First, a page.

28 February 2008


How was it for you darling? Almost twenty four hours ago, at around 12.55 on Tuesday February 26th, something moved fifteen miles beneath the planet's surface under Market Rasen in Lincolnshire, producing Britain's most significant seismic event in twenty five years.

It had been breezy when I walked home from the pub quiz. I was lying in bed, beginning to drift off into the unconsciousness of sleep when I had a sense that a massive wind had hit the house - perhaps blowing the front door open. An ornament fell off the bedroom shelves and I was shaken wide awake. What the hell? Shirley woke up and yelled at me "Are you all right?" She thought I had had some kind of massive seizure that had shaken the bed. Disappointing her ever so slightly, I leapt up and put on my dressing gown, went downstairs and saw the thing I will always remember as a signal memory of this perhaps one-in-a-lifetime event. The Danish royal family keyring on our front door key was still rocking in the lock instead of hanging completely still as usual.

Frances was home for the night from university and she was still up watching TV. She said the whole front room had shaken. When I think back, it felt like you were briefly living in a jelly house, subject to the whimsical power of a huge and ancient natural force - reminding me of the pettiness of our daily anxieties and complaints. It measured 5.2 on the Richter Scale and I can say that never before in my life have I experienced such a tremor.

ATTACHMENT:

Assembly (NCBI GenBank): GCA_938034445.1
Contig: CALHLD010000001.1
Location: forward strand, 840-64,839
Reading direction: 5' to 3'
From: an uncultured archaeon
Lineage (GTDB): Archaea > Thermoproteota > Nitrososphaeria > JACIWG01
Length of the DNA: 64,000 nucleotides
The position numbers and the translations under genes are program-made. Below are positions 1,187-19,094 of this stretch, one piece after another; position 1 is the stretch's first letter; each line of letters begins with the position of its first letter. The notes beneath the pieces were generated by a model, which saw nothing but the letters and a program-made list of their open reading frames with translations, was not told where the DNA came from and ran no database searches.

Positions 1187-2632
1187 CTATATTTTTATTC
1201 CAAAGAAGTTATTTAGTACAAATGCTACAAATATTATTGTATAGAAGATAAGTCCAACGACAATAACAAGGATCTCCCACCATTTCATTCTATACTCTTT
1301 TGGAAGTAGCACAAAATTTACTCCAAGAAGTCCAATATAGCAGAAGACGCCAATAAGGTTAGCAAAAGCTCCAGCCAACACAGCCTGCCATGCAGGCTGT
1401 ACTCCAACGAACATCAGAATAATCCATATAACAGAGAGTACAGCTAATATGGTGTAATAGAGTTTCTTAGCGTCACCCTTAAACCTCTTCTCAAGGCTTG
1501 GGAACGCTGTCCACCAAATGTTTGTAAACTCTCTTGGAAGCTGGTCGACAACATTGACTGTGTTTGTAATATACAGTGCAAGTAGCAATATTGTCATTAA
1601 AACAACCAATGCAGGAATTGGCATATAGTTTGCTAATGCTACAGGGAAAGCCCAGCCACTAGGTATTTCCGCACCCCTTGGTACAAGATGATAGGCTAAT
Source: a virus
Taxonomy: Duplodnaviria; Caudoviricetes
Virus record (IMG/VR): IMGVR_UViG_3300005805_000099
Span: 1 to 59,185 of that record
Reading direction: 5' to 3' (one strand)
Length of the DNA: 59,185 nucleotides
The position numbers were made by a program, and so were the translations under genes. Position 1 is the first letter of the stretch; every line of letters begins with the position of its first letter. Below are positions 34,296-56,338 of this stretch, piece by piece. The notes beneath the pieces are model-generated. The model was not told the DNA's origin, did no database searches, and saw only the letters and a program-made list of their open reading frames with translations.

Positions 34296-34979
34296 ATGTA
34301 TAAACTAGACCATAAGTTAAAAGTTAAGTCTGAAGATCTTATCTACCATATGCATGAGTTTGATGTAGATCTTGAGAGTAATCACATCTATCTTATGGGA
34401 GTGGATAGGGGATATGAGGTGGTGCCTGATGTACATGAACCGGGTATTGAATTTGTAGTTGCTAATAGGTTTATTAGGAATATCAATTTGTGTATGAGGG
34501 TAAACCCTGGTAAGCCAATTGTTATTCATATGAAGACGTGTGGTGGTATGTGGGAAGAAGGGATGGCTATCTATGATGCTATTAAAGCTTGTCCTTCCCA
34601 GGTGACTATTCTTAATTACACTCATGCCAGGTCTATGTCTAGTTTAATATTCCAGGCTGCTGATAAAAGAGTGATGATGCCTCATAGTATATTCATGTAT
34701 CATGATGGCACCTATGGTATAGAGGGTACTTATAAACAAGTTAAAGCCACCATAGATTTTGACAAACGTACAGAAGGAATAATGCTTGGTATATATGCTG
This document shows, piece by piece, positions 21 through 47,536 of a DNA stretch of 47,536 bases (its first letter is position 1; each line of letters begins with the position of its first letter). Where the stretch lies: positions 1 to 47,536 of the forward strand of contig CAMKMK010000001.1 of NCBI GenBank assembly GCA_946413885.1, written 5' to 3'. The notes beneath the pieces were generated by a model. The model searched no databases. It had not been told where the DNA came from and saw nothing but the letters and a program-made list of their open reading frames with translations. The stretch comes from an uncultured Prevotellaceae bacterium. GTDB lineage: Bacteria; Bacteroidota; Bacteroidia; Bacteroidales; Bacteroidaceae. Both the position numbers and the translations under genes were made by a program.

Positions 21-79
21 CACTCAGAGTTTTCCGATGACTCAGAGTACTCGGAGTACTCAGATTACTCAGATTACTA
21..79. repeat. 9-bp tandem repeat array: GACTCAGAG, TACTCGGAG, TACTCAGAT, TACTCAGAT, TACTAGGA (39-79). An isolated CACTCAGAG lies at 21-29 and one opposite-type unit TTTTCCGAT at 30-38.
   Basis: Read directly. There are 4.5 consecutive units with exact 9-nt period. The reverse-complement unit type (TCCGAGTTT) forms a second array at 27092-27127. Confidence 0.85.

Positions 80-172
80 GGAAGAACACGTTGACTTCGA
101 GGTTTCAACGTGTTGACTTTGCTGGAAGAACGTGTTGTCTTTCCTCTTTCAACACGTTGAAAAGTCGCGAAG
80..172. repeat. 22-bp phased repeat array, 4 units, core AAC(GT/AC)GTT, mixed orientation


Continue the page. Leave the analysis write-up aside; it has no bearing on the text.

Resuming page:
24 February 2008


Twenty four hours away in Birmingham. Tony and Fiona come over from Hull and then we're off to Brum. Drop shopping off for daughter outside student residence. Drive on to Hagley Road and the Edgbaston Palace Hotel - surprised to find it is not a palace and that in our room there are no curtains.

Like African explorers, we study the A to Z and weave our way past weird and unfamiliar urban zones like Bearswood, Smethwick and Winson Green till we arrive at the wasteland known as West Bromwich. We park up on Paddington Road, crossing our fingers that the car will still be in one piece when we return. Failing to find a "greasy spoon" for some lunchtime nosh we pass through the Jeff Astle gates and purchase burgers and chips and styrofoam cups of tea at extortionate prices from the fairground caravette.